Kontai-ji Temple (金胎寺)
Kontai-ji Temple, located at Harayama, Wazuka-cho, Soraku-gun, Kyoto Prefecture, is part of the Daigo school of the Shingon sect. Its sango (literally, "mountain name," the title prefixed to the name of a Buddhist temple) is expressed as Jubuzan, Jubozan, Jubusan or Jubusen. Its honson (principal image of Buddha) is Miroko Bosatsu (Buddha of the Future, Bodhisattva of the Present). It is said to have been founded by EN no Ozunu (EN no Gyoja) (A semi-legendary holy man noted for his practice of mountain asceticism during the second half of the 7 century), but the details aren't known. As opposed to Mt. Omine-san in Yamato (Nara Prefecture), it is also called 'Kita Omine' (north Omine), a sacred place of mountain worship, and even today there is a gyoba (ascetic practice place), with its array of strange rocks and bizarre stones.
Kontai-ji Temple is at Wazuka-cho, close to the southeast end of Kyoto Prefecture, and is located on Mt. Jubuzan, of which the highest peak is 685 meters above sea level. As is the case with Kasagi-dera Temple at the south of Kontai-ji Temple, there are many strange rocks and bizarre stones, and it is presumed that it developed as a place for mountain ascetic practices from ancient times; however, as is often the case with this sort of mountain temple, the circumstances of its development aren't clearly known.
According to an entry in the historical record of the medieval age, "Kofuku-ji Temple Kanmuchoso Document," dated 1441, Kontai-ji Temple was founded by EN no Ozunu in 675, and was reconstructed by Taicho in 722. Further, it is said Ganan, of Kofuku-ji Temple, restored Kontai-ji temple in 807; however, in the writings about origins it is frequently stated that these sorts of mountain temples were founded by EN no Gyoja, but it doesn't go beyond the patrimony.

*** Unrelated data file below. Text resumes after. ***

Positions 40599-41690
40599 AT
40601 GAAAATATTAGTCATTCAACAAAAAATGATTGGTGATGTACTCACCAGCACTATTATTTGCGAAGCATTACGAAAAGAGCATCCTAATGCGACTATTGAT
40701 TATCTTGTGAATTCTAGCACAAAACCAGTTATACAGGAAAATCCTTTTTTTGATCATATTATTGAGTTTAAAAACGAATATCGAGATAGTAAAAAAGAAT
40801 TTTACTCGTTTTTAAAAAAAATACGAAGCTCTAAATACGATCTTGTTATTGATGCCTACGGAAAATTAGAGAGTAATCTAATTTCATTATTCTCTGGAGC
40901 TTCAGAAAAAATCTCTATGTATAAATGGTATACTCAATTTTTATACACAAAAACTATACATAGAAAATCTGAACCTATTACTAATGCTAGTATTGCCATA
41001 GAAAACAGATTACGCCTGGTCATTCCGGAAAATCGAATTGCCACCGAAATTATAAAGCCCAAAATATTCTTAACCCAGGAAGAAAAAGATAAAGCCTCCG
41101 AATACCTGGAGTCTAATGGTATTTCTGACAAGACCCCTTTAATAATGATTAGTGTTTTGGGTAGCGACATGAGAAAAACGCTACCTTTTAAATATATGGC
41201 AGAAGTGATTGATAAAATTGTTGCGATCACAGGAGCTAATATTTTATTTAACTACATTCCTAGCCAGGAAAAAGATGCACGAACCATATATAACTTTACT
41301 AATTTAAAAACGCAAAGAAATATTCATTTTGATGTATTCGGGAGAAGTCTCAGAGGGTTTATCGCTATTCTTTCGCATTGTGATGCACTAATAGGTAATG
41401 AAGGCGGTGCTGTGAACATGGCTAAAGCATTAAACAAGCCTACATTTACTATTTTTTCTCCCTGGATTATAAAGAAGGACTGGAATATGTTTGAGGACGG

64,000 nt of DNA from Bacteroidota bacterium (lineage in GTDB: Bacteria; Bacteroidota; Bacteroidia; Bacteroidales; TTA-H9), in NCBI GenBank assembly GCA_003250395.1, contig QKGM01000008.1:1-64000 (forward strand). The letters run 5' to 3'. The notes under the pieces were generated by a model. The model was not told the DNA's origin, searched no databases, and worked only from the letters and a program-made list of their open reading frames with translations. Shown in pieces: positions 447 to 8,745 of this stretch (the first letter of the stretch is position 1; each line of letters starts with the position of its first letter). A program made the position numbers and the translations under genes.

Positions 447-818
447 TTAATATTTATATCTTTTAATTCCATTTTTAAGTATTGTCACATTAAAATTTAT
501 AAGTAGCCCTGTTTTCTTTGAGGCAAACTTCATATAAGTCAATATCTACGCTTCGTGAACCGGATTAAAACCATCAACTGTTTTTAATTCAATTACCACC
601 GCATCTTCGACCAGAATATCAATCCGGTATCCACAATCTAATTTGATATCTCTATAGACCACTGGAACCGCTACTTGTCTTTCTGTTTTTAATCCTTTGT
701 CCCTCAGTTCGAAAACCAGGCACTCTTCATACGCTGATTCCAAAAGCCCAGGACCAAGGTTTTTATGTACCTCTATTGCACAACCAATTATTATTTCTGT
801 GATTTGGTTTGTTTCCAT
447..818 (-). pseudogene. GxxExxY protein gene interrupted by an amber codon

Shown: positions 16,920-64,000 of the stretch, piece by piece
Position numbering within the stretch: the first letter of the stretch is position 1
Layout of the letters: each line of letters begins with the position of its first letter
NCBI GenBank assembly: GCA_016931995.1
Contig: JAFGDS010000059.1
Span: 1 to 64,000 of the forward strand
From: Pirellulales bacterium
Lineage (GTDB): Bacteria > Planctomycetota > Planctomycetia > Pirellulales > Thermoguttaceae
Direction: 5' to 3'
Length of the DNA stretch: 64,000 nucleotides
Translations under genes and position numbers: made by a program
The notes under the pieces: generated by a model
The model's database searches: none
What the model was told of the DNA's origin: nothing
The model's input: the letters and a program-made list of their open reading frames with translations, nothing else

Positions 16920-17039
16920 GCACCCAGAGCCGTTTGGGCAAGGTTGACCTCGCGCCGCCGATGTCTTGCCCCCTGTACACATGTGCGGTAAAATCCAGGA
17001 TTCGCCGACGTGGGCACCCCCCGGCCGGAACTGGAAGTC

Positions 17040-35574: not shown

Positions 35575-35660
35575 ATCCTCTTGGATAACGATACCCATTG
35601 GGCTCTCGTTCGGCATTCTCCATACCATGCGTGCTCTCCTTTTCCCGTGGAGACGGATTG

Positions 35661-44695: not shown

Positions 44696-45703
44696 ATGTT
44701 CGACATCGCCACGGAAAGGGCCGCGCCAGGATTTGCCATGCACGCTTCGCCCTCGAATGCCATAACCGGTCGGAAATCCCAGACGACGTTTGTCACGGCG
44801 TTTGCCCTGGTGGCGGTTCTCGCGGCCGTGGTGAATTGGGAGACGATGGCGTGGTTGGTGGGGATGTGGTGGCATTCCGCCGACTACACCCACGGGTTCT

It is said that in 1298 a royal visit by Emperor Fushimi was made to this temple, and that Tahoto pagoda (a "multi-treasure" pagoda) was built in accordance with an Imperial order. This tahoto pagoda still exists, and an inscription of Fusebachi (a part that resembles an upside-down rice bowl at the rooftop) confirms that it was built in 1298.
In "Taiheiki" (The Record of the Great Peace), it's recorded that Emperor Godaigo dropped in at this temple when he was escaping to Kasagi in 1331, and consequently the temple was set ablaze, but the details aren't known. The temple was rebuilt in 1361, but in 1518 it was burned down again. Today, the temple's overview places it at the end of the modern period.
The temple's precincts surround the peak of Mt. Jubuzan, with an of altitude 685 meters. The temple's precincts are incorporated into part of Tokai Shizen Hodo (Tokai Nature Path), and other than the southern path from Wazuka-cho there is a northern path up the mountain from Tahara-cho, Uji. A short walk up from Sanmon gate (temple gate) are the hondo (main hall) and tahoto pagoda, and a further walk up to the summit reveals a stone pagoda, Hokyointo. At the eastern part of the precincts is a route for ascetic practice (3.2km, two hours).
The Hokyointo stone pagoda bears an inscription that dates it to 1300.
A wooden statue of the seated Miroku Bosatsu, dating from the Kamakura period
Not open to the public
Senkoshuku-hachiman-yonsento (copies of 8400 metal pagodas made by Sen Koshuku, the king of Wu-yueh in China) (deposited with the Kyoto National Museum)
Historical site (designated by the State)
The precincts of Kontai-ji Temple
Rites and festivals
Goma kuyo (fire rituals): The first Sunday in September